Pea Gravel for Playground: Should You Use It?

Pea Gravel for Playground

When considering the installation of a playground or swing set, one of the most common questions pertains to the kind of material to place under and around the play area.

Of course, it’s not uncommon for people to build their backyard playgrounds on top of the existing grass or dirt and leave it at that, but for maximum safety and less worry, it’s best to have a surface that can provide some sort of cushion for the inevitable falls, tumbles, and trips that kids take while playing. 

There are several options for playground surface materials, but pea gravel is one of the most popular and cost-effective options. In this article, we will look if we can use pea gravel for playground and see whether or not it’s a good fit for your child’s playground.

What is Pea Gravel?

Much like it sounds, pea gravel is a name for little round rocks that are roughly the size of a green pea. Since the stones, ranging from ⅛” to ¼” in diameter, are free from sharp edges, they make ideal playground material. 

Chances are you’ve played on pea gravel during your childhood or at least seen it used in public parks or school playgrounds.

It varies in color since it is made from many different kinds of rocks. It’s also common to find pea gravel used in outdoor walkways, gardens, and landscaping formations. 

It has been in use for several decades because of its many benefits, especially as a playground surface. But, it is not free from drawbacks and should be compared to other options when considering how to surface the area around your playground or swing set.

Is Pea Gravel Safe For Playground?

According to the National Playground Safety Institute, the answer is yes. Pea gravel is safe for use in playgrounds, both public and private. In fact, it is much preferable to dirt, grass, or concrete.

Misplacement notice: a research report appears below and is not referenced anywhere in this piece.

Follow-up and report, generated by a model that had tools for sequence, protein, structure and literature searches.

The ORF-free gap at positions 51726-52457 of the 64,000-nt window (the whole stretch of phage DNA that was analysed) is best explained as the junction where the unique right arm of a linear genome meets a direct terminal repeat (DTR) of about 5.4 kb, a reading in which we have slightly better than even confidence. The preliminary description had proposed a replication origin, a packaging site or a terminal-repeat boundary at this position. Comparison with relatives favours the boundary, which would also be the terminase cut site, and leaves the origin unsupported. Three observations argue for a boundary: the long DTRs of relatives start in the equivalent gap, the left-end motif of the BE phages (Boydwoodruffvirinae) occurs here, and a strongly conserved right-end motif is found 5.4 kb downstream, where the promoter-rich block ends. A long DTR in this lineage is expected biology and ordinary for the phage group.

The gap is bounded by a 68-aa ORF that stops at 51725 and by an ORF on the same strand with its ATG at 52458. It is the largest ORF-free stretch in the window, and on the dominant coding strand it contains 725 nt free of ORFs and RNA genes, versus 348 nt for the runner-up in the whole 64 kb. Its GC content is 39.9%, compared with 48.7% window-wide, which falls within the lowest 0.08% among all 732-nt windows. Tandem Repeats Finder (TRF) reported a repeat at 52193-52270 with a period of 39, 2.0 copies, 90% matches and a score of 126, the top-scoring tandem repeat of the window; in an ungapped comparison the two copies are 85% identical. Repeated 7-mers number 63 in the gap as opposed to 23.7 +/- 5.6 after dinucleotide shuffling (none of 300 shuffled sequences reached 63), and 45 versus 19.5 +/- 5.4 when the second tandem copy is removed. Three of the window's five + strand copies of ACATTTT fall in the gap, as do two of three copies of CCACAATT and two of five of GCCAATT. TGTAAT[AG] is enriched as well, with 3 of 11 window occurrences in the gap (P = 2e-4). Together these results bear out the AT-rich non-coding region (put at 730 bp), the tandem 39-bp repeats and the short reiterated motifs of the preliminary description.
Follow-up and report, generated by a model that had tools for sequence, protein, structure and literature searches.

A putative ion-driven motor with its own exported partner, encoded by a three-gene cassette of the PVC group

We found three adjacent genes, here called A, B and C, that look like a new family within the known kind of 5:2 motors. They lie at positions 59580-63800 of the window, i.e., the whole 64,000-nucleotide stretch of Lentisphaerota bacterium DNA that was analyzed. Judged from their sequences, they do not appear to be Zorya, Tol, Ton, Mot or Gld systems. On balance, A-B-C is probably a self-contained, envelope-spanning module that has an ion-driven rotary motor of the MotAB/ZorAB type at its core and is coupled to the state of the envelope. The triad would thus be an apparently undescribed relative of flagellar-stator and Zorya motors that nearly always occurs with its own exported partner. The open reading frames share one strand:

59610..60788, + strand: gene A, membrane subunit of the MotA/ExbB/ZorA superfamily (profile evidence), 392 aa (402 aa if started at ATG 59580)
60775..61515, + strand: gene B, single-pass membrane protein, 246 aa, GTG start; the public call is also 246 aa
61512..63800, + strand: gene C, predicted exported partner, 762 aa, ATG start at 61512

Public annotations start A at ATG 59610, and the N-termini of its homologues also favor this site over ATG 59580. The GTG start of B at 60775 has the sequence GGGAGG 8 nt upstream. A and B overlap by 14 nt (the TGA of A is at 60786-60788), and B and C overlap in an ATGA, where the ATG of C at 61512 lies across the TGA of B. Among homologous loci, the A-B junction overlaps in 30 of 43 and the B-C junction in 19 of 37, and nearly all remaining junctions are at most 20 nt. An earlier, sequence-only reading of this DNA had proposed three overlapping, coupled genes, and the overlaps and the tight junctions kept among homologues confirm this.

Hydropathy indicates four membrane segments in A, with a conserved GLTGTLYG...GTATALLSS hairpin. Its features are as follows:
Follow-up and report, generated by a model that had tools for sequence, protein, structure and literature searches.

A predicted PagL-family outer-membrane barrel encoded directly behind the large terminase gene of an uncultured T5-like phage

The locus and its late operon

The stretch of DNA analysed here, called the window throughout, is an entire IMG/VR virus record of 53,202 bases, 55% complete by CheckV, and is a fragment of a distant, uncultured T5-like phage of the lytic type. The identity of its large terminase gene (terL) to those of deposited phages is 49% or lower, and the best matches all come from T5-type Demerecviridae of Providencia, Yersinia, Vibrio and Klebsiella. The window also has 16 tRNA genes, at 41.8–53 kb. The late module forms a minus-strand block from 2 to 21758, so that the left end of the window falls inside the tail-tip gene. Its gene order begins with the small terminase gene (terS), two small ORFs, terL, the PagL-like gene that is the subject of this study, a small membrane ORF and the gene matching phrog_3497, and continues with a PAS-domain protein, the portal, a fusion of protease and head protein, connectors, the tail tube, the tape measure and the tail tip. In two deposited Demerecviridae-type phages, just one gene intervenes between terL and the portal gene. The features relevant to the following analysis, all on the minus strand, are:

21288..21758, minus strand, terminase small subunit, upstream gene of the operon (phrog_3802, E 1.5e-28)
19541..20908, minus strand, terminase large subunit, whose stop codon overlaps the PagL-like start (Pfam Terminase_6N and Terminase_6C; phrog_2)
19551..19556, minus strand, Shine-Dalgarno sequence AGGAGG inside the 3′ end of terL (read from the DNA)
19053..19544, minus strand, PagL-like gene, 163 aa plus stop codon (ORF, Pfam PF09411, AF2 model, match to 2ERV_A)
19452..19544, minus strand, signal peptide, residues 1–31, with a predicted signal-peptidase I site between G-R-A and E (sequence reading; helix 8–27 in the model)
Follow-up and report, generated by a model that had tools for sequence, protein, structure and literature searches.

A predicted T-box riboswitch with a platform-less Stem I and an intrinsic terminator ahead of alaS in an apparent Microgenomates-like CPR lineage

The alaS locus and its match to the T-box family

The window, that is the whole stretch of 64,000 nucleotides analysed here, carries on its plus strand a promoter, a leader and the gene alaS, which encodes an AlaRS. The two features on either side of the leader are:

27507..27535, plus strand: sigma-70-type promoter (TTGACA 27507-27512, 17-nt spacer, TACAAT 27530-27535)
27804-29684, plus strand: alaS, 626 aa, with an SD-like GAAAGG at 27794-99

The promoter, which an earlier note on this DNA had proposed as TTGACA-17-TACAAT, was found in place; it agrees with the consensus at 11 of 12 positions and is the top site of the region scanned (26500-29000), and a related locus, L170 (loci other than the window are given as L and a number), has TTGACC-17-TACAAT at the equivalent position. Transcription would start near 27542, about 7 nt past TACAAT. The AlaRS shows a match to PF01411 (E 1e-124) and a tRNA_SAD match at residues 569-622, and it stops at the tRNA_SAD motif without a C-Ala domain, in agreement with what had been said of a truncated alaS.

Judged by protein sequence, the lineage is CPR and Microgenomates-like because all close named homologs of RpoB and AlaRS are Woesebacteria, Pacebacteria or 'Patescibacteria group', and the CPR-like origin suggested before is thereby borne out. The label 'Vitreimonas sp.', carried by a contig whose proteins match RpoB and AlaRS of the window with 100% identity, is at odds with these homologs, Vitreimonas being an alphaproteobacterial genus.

But there are some stipulations and minimum requirements to be met in order to keep your playground safe, which are included in the following sections.

Canva Vintage playground with yellow slide and pea gravel

How Many Inches of Pea Gravel do You Need for a Playground?

According to the National Playground Safety Institute, pea gravel must be maintained at a depth of 12 inches around equipment in a 6-foot fall zone.

A fall zone is an area around playground equipment where children are likely to need cushioning from falling off a slide, swing, or other climbing and playing equipment.  

Since pea gravel, like most other playground material, compresses and shifts over time, it’s inevitable that you’ll have uneven depth around your playground.

This means pea gravel requires regular maintenance to keep the recommended 12 inches of depth. 

Using a shovel or rake to spread pea gravel around evenly is all it takes to help your children avoid injury while playing on your swing set or playground.

Benefits and Drawbacks of Pea Gravel

While pea gravel has been deemed safe for use in many playgrounds, there are some other things to take into consideration before deciding whether it is right for you. 

Benefits of Pea Gravel

Cushioning and Shock-Absorption – As stated above, pea gravel does well to absorb falls when maintained at the proper depth of 12 inches or more.

Sanitation and Hygiene – Pea gravel doesn’t support the growth of microbial organisms and bacteria, making it ideal for children’s playgrounds. Unlike sand, pea gravel is not an attractive waste ground for cats and other animals, helping to keep harmful germs away from growing immune systems.